Even though compliance is a hassle to many small business owners, there are a variety of solutions that you perform to ensure compliance. First off, you can hire an internal HR department to oversee any regulation changes or violations. Notice how I said departments, not just one HR manager. Compliance is too broad of a spectrum for one HR professional to handle with all of his other responsibilities.

You should also have weekly or monthly meetings with your employees to go through some of the more common regulations that your industry may have issues with, so they all understand what they can and can not do to perform their duties.

You can also outsource your compliance tasks. There are various HR consultant firms or Professional Employer Organizations who will be more than glad to take responsibility of your compliance issues. These businesses are looking to help other businesses deal with their various HR problems, so you should definitely take advantage of their compliance services.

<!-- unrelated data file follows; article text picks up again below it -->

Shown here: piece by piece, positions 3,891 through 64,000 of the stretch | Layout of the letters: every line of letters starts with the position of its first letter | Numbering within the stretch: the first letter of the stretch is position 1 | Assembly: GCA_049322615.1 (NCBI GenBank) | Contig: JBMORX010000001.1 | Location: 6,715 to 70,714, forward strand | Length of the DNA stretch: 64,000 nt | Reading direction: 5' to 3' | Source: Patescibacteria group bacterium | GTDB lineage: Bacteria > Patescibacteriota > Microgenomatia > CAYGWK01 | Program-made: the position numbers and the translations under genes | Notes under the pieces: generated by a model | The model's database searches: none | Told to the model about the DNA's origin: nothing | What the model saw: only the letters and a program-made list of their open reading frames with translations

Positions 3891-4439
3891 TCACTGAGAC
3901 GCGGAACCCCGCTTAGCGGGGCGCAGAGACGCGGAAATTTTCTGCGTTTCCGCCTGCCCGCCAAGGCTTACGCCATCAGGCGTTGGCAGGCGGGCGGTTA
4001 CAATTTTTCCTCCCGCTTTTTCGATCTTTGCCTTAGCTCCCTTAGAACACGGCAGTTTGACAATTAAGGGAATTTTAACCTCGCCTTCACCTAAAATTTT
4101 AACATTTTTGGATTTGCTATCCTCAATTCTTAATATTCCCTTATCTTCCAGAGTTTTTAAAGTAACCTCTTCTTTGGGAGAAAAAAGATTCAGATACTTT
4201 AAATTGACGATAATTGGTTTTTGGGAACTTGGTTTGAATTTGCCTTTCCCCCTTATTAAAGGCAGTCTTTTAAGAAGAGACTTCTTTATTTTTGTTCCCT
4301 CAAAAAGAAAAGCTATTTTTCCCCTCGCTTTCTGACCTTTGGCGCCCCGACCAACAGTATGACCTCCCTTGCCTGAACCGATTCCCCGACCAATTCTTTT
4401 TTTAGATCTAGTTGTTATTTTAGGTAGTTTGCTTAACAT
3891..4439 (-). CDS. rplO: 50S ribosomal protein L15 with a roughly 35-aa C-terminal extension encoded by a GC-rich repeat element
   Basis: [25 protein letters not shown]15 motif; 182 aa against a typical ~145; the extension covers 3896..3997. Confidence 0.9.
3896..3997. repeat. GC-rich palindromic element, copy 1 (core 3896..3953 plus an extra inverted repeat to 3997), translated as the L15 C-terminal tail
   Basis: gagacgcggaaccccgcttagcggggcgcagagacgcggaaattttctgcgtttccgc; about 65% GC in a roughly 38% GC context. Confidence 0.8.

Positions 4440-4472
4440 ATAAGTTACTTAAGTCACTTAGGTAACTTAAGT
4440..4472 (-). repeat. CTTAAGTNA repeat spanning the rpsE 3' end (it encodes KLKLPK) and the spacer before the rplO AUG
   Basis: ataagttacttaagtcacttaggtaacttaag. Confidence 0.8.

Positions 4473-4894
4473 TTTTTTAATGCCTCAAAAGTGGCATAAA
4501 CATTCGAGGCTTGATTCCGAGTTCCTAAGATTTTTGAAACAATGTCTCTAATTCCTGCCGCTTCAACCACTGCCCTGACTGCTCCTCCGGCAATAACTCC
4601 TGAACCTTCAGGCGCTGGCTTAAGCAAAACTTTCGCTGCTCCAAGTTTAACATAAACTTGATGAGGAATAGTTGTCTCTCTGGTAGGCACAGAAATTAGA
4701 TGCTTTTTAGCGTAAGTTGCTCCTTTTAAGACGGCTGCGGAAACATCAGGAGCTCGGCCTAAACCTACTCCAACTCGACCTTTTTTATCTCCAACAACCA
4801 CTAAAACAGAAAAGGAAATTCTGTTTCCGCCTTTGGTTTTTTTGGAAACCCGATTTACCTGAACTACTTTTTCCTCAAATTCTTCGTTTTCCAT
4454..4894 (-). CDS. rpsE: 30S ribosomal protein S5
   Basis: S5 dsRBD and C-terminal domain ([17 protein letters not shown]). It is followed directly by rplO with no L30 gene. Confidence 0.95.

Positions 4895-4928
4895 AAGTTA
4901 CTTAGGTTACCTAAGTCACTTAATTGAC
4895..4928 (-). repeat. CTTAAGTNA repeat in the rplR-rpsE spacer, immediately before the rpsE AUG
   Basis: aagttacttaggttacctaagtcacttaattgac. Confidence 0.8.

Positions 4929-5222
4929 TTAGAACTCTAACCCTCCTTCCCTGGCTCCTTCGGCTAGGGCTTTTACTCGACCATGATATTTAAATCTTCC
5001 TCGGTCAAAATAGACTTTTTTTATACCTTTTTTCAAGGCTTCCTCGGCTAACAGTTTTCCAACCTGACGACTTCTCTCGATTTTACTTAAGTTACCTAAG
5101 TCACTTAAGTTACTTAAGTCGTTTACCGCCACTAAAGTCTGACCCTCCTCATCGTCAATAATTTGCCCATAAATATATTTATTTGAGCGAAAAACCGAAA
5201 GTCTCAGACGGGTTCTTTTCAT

By relieving yourself from the various regulation changes and compliance issues, you’ll be surprised at how much more time you have to manage the success of your business. Once you’ve dealt with the compliance aspect of your business, you can start focusing on growing your firm.